I liked this beach goth that I doodled in the margin of a client sketch, so I gave her some color.
Funny and bizarre German animal namesThe German language is famous for some really long nouns (Donaudampfschiffahrtsgesellschaftskapitän comes to mind). This is because German nouns, verbs, prepositions and adjectives are like lego bricks; you can stick them together in almost any way to create new words that encapsulate new concepts. This gives the language a special ability to name just about anything. You could call it the German language’s lego brick-like quality, or Legosteineigenschaft (see what I just did there?).
But why does German rely on such an elaborate process to name things as simple as squirrels? When broken down into their separate components, the names of familiar animals mutate into bizarre new creatures.
The Uncanny X-Tiere
Comics are full of heroes with names like super, wonder, iron, ultra, bat or cat followed by -man, -woman, -girl or -boy. A lot of German animal names work the same way, where Tier – the word for animal – is preceded by a word describing that animal’s “super power”.
Stinktier – stink animal (skunk)
Faultier – lazy animal (sloth)
Gürteltier – belt animal (armadillo)
Murmeltier – mumbling animal (groundhog)
Schnabeltier – beak animal (platypus)
Maultier – mouth animal (mule)
Trampeltier – trampling animal (bactrian camel). The verb trampeln means to trample or tread upon, whereas the noun Trampel is a clumsy oaf.
Sometimes suffixes get more specific than -tier, but still tend to describe the wrong animal:
Schildkröte – shield toad (tortoise)
Waschbär – wash bear (raccoon)
Nacktschnecke – naked snail (slug)
Fledermaus – flutter mouse (bat)
Seehund – sea dog (seal)
Tintenfisch – ink fish (squid)
Truthahn – threatening chicken (turkey). Trut is onomatopoeic for the trut-trut-trut cluck of a turkey, but it’s also been hypothesized that the name comes from the Middle German droten which means “to threaten”.
No, I’m Pretty Sure That’s A Pig
Swine seem to be a popular yardstick in German animal taxonomy.
Schweinswal – pig whale (porpoise)
Seeschwein – sea pig (dugong). Not to be confused with the Seekuh, or sea cow, known in English as a manatee.
Stachelschwein – spike pig (porcupine). The English word is actually just as literal; porcupine sounds a lot like “pork spine”.
Wasserschwein – water pig (capybara)
Meerschweinchen – ocean piglet (guinea pig). The ending -chen denotes something small. Add it to the end of Schwein and you get a little pig, or piglet. Since the stems Meer and Wasser are often interchangeable, it’s most likely that Meerschweinchen actually means little capybara.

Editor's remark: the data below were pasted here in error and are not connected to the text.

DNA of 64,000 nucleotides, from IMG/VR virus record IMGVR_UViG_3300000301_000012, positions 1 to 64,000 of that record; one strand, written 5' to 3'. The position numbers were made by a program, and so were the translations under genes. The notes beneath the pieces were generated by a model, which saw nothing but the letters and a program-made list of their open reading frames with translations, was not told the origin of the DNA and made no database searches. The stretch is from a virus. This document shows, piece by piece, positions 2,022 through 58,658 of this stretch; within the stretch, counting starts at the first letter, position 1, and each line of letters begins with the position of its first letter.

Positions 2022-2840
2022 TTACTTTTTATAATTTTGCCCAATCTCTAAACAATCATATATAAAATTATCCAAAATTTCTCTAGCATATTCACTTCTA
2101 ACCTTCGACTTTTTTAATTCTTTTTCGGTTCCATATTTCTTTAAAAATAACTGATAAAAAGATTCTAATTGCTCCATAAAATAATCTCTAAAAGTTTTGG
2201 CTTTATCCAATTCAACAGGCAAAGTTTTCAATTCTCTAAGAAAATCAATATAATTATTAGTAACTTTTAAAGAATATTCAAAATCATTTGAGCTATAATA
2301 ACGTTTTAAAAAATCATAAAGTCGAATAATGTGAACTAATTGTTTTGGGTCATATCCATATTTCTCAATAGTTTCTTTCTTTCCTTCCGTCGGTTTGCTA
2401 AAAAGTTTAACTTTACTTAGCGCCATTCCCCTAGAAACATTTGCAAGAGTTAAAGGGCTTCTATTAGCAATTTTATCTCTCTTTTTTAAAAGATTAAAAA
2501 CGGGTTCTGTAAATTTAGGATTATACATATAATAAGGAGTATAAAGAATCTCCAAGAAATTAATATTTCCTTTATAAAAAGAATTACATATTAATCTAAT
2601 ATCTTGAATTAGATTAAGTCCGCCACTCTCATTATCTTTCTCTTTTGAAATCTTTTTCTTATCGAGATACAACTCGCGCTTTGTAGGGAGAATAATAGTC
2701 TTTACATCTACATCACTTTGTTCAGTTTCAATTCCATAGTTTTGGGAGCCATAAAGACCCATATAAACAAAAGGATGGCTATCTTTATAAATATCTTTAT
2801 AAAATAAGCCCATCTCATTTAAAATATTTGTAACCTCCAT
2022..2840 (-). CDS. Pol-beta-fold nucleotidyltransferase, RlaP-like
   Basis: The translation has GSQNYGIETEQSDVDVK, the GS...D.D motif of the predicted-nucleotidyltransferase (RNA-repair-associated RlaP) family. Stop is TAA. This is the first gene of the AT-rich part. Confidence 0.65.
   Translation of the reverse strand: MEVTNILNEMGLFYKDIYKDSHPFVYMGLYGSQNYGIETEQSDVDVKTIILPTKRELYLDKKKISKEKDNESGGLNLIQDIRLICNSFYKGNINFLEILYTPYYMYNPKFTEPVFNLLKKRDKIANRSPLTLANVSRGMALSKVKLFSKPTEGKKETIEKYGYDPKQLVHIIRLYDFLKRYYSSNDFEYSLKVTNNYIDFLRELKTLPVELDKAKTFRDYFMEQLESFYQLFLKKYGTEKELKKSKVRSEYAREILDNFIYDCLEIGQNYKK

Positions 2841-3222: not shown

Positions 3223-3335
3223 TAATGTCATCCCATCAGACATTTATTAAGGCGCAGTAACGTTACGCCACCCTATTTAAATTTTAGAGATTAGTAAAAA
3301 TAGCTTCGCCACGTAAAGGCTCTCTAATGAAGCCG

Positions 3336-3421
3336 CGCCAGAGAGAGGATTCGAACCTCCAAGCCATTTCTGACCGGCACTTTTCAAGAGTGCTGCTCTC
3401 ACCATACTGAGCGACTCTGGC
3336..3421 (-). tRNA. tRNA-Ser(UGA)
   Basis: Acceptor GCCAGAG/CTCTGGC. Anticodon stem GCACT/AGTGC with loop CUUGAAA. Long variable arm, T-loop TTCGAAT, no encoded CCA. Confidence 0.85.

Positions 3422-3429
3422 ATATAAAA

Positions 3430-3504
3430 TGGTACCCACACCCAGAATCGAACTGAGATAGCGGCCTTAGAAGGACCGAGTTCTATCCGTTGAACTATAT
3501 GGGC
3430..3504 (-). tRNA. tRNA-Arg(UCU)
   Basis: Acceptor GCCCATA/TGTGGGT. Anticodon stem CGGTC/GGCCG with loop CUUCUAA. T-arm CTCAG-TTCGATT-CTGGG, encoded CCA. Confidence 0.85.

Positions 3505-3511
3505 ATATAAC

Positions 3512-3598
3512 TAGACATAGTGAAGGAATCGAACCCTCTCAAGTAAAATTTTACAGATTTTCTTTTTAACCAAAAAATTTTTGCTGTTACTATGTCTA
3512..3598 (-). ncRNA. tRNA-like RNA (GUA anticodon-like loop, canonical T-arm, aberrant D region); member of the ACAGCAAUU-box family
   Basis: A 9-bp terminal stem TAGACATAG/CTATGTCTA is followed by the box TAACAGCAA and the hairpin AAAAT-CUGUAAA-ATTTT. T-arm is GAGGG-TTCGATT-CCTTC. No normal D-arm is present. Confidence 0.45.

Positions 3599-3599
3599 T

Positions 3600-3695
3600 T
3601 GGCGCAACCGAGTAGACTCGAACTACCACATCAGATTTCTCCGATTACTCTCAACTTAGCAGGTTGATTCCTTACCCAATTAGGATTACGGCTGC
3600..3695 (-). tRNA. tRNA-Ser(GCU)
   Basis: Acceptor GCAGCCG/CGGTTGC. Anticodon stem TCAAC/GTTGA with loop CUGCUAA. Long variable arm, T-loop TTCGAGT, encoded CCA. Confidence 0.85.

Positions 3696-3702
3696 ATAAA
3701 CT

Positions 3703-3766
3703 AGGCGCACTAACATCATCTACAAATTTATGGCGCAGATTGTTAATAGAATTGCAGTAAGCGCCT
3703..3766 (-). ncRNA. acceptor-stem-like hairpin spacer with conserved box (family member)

Just Plain Weird
I’d like to end this list by giving one animal a category all to itself: the humble squirrel.
- little oak horn: Eiche (oak tree) + Horn (horn) + -chen (little)
- oak croissant: Eiche (oak tree) + Hörnchen (croissant)
- Eichkätzchen (regional name) and Eichkatzerl (Austria) – oak kitten
Calling a squirrel a “tree kitten” is reasonably literal, but where does “little oak horn” come from? It seems that the answer comes down to a misplaced h: Eichhörnchen comes from the Old and Middle German eichorn, which has nothing to do with oak trees or horns. In this case, the eich comes from the ancient Indo-Germanic word aig, which means agitated movement, combined with the now obsolete suffix -orn. Somewhere in history a superfluous h was added (along with the diminutive -chen ending) but the original meaning remained. Today, Hörnchen is a category of rodents that includes all squirrels, chipmunks, groundhogs, prairie dogs and flying squirrels.
Keep an eye on this spot for an upcoming post where we’ll delve deeper into the animal kingdom: branching out to birds, insects, reptiles, fishes and any other mammals we find crawling around.
Wolves roam the streets of Inverlain tonight, as a dark figure stands against the moonlight roofscape. A lone crusader. He is justice. HE IS THE NIGHT.
Also a guest appearance by Dawngate streamer GLG_Thor…
Also Also Peeky Petrus.
dunno if its final design ..they are supposed plant stuff on their hair/tail
"What were you wearing?"
I wore a red dress to work today. It has a zipper at either side of my chest that can unzip and reveal a thin strip of skin. A coworker, without warning, tried pulling at the zipper and when it wouldn’t zip, instead revealed a good portion of my collarbone and shoulder as well as my bra strap. An hour later, the same coworker came up and told me to not wear clothes with zippers because he’ll go right ahead and unzip them. I shot back that unzipping me without my permission is sexual harassment. Apparently a manager heard and berated my coworker. At the end of my shift, my coworker told me that my little comment got him in trouble and that he no longer feels comfortable saying anything to me other than “hello” and “goodbye.”
I am supposed to feel guilty for pointing out that he can’t lay his fucking hands on me.
So I wore the infamous dress at work yesterday and ANOTHER MALE COWORKER DECIDED TO PULL AT ONE OF MY FUCKING ZIPPERS.
We were surrounded by other (also male) coworkers (that did nothing) and I swatted his hand away while promptly informing him that he didn’t have permission to touch me.
He then asked, since he knows I cosplay, if it would be any different if I wore a revealing costume. I gave him a dirty look and told him that no matter what *I* decide to wear, no one is allowed “to lay a finger on me unless they want my foot up their ass.”
Being that I’m quite professional at work, they were all surprised by my language and the ferocity with which I spat my promise.
you fucking go girl